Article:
Glaucoma refers to a group of diseases that affect the optic nerve. It can be present in one or both eyes. In the early stages of the disease, there may be no symptoms. Vision is unchanged.
Glaucoma has been nicknamed the “sneak thief of sight” because the loss of vision normally occurs gradually over a long period of time and is often only recognized when the disease is quite advanced. Once lost, this damage can never be recovered. If the condition is detected early enough it is possible to arrest the development or slow the progression with medical and surgical means.
Worldwide, 67 million people suffer from glaucoma. Untreated glaucoma leads to permanent damage of the optic nerve and resultant visual field loss, which can progress to blindness.
Click on the image below to watch a video about glaucoma.
Glaucoma can be divided roughly into two main categories, “open angle” and “closed angle” glaucoma. Angle closure can appear suddenly and is often painful. Visual loss can progress quickly but the discomfort often leads patients to seek medical attention before permanent damage occurs. Open angle, chronic glaucoma tends to progress more slowly and the patient may not notice that they have lost vision until the disease has progressed significantly.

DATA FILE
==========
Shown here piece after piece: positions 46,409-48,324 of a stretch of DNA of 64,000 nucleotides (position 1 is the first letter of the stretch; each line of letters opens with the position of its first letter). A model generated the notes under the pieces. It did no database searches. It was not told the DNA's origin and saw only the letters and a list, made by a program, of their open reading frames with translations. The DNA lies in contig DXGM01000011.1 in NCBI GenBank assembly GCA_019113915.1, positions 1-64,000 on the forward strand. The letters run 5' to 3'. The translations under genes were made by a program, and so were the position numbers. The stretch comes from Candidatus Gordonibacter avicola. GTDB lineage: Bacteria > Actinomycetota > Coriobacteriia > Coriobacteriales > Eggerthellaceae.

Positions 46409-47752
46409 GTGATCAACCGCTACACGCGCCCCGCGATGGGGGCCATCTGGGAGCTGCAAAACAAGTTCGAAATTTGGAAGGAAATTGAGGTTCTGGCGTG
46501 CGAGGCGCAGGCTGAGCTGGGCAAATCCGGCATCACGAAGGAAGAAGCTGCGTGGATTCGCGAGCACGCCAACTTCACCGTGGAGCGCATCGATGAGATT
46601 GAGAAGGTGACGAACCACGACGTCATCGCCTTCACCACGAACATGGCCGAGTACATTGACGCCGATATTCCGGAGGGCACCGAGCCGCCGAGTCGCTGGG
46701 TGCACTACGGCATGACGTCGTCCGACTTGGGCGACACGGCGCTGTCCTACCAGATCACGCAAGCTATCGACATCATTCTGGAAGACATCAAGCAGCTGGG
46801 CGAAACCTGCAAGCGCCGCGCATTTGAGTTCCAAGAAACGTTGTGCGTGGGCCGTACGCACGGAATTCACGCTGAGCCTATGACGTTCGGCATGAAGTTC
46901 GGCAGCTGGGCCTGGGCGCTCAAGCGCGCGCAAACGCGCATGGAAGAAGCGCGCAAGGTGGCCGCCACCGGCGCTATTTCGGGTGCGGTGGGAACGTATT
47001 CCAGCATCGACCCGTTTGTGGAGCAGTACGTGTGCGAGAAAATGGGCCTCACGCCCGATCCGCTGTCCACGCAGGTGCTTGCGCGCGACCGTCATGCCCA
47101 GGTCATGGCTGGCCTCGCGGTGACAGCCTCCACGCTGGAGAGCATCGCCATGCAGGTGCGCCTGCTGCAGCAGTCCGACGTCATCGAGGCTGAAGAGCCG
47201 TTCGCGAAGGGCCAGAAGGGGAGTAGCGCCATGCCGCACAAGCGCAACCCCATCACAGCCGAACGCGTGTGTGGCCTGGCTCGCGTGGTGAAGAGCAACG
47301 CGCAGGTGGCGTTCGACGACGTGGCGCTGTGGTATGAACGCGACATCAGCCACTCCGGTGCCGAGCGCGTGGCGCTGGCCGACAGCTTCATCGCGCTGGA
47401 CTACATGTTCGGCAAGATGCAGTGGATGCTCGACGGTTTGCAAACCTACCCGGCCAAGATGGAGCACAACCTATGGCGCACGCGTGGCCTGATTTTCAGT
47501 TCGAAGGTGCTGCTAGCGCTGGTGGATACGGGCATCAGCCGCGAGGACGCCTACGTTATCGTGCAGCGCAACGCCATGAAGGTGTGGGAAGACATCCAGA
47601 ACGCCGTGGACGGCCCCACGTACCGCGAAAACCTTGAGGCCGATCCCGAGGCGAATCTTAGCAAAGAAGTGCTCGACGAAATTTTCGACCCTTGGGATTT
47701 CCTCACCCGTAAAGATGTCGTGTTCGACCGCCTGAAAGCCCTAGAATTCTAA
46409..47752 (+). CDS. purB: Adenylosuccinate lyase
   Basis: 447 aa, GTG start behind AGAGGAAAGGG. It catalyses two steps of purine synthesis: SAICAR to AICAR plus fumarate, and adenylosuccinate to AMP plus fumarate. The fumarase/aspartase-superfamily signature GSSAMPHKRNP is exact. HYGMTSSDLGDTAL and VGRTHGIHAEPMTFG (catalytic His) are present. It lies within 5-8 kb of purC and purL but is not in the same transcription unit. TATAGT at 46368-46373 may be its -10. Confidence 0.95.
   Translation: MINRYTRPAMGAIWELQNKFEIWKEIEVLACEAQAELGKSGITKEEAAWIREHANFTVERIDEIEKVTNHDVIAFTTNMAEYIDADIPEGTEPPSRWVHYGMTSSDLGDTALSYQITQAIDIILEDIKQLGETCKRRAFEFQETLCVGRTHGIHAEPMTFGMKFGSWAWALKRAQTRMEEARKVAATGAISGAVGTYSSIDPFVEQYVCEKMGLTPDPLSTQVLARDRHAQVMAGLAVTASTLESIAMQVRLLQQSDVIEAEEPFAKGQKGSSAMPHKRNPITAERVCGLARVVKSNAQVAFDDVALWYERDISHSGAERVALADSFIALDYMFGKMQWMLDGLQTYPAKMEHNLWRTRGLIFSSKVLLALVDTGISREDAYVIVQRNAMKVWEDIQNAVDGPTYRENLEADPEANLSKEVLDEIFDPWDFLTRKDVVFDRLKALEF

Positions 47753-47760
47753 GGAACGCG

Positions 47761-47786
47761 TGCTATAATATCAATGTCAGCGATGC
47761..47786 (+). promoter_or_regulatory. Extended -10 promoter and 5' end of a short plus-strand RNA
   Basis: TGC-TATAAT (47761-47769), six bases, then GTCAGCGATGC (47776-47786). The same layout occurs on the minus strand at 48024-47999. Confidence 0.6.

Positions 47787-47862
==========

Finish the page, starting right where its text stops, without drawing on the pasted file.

There are rarely any symptoms in the early stages of the disease so regular eye exams by qualified professionals are important. Ophthalmologists and optometrists diagnose glaucoma on the basis of intraocular pressure, visual field tests and optic nerve head appearance. Call 321-727-2020 to schedule an eye exam or to discuss your risk factors for glaucoma.